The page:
Srinivasan said newspapers and TV channels were not speaking truth to power. In fact they privileged power over truth. “Ninety percent of TV news channels and 60 percent of newspapers had become propagandist,” he said. Most of the channels were compromised. Many of them blacked out the Congress press conference about the controversy regarding the BJP president’s son’s business growth.

People did not have the choice of news channels because most of the channels were walking in lock-step with the government. They were posing false binaries: Hindu versus Muslim, right versus left, nationalist versus anti-national. The Rohingyas were being projected as terrorists and a security threat to India when the United Nations has said they were people fleeing persecution. The largest number of these displaced Burmese were in Jammu but J&K’s Chief Minister Mehbooba Mufti said none of them was found to be radicalised.

When six protesting farmers were killed in June in Mandsaur, Madhya Pradesh, some of these “North Korean channels” (editor and former minister Arun Shourie’s term) led the headlines with news of an “obscure ulema.” Times Now, Srinivasan said, had used a WhatsApp story of a few years ago about the Islamic State’s rate card for converting Hindus to Islam. Both Republic TV and Times Now castigated author Arundhati Roy for saying that even in massive numbers Indian troops would not be able to secure Kashmir,  when she had said nothing of the kind, and, “a fake news factory” ideologically aligned to the ruling party had created the controversy.

Srinivasan said opinion must be separated from facts. There can be various opinions but there cannot be versions of facts to be chosen as per convenience. US President Donald Trump had said that his predecessor Barack Obama was not American by birth; the fact that he is cannot be contested.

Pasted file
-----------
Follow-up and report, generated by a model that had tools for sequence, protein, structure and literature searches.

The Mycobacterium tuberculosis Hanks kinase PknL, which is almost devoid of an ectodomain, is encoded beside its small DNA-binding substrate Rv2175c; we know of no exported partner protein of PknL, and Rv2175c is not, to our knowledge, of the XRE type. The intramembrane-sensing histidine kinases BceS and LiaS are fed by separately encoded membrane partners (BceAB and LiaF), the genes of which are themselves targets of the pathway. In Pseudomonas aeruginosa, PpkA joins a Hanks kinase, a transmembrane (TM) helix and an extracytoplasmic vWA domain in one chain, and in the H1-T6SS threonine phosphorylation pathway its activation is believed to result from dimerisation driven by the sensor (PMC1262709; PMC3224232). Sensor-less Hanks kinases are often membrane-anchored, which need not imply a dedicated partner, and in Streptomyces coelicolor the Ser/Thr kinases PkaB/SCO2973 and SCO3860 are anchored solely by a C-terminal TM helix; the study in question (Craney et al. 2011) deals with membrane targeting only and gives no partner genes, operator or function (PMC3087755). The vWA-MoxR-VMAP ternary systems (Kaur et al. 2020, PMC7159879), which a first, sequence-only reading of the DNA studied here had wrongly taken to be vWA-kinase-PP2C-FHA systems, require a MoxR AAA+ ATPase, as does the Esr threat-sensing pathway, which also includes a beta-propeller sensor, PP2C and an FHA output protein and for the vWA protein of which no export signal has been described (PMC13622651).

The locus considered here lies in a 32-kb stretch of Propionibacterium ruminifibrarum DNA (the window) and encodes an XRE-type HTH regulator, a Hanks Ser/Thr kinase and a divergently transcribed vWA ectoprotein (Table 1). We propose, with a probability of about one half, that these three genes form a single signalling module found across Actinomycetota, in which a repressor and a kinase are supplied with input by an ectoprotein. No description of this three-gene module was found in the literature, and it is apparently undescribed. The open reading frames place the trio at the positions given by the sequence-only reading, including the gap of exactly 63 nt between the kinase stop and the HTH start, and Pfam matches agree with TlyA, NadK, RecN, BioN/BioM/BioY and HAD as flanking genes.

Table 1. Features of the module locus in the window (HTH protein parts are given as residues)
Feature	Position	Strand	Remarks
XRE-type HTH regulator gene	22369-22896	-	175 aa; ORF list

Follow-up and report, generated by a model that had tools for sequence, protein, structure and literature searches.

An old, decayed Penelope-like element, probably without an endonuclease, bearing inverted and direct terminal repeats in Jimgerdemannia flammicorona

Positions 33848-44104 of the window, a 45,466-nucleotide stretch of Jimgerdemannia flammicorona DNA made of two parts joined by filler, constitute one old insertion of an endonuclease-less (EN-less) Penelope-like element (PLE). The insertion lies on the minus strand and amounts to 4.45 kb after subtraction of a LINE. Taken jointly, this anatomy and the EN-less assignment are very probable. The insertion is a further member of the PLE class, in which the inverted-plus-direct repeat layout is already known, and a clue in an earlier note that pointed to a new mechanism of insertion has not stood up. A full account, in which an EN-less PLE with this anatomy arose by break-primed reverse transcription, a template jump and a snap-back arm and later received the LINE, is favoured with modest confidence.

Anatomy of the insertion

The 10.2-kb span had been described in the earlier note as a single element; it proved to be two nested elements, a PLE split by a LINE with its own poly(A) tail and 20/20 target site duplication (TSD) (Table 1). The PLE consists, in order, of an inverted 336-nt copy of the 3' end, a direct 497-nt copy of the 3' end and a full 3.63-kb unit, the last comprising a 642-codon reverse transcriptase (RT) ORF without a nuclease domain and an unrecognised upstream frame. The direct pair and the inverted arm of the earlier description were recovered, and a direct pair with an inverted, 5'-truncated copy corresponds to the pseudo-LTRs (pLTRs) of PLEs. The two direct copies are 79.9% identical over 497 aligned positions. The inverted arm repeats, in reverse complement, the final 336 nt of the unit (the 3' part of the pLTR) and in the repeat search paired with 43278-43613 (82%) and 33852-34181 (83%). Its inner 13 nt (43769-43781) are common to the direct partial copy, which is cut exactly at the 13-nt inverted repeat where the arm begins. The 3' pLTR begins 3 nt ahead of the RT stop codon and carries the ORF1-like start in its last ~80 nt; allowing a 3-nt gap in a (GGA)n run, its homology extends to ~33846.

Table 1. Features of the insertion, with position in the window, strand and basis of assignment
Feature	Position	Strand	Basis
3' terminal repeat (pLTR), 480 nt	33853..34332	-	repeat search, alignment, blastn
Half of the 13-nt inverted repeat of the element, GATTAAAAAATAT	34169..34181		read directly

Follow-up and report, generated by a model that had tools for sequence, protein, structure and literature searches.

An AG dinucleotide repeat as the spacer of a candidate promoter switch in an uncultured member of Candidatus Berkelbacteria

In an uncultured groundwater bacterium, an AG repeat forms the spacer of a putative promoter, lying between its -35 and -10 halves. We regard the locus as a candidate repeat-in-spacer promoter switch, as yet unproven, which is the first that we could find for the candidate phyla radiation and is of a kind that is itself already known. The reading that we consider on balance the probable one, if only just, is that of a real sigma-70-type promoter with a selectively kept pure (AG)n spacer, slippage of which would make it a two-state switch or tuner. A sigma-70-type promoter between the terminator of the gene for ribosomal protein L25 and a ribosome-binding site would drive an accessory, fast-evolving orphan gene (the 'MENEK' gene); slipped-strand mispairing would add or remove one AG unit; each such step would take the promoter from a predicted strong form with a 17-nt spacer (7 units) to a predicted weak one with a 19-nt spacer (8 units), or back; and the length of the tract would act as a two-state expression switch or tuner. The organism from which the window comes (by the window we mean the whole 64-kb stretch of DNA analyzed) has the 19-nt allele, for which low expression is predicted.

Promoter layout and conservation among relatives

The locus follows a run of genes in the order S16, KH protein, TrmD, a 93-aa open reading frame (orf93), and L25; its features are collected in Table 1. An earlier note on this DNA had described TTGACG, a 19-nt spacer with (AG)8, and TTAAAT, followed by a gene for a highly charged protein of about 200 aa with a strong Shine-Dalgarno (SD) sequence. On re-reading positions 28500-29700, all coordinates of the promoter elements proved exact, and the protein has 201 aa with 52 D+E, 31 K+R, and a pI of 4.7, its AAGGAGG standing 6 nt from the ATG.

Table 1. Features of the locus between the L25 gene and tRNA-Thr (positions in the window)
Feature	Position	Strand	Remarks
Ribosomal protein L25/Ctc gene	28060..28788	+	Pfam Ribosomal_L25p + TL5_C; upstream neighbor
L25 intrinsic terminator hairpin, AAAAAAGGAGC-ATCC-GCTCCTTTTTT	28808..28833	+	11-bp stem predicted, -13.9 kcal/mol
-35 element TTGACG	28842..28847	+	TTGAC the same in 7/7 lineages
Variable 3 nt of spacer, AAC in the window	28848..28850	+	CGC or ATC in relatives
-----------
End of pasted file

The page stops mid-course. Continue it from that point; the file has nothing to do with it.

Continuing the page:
In the United State the liberal media was under attack.  President Trump was muddying the waters by calling it “fake news.” But to its credit, mainstream media had not capitulated as in India. It was not giving in. In fact, the New York Times, the Washington Post, MSNBC and CNN were putting the Trump Administration under greater scrutiny. And people were rewarding them. The readership/viewership of these media brands had increased and so had their profits.

But chamchagiri was selling in India. For Jain it was a comment not only on journalists but the wider society.     

One of the reasons why channels were inciting violence and mongering hate speech was because there were no consequences. “Media must find a way to regulate itself,” he said. He cited a Times Now headline, ‘How long will Hindus keep quiet,’ on a debate about Kannada writer K S Bhagwan’s comments about Lord Ram.

On the issue of consequences Chandrasekhar said he would pushback aggressively if his reputation was tarnished. He defended the ex parte stay he had obtained against which said in two stories that there was a conflict of interest between him being a Rajya Sabha MP and member of the parliamentary committee on defence procurement when he was himself into defence production. “Journalism is the pursuit of truth, but if there is trespass I have an equal right to pushback,” he said.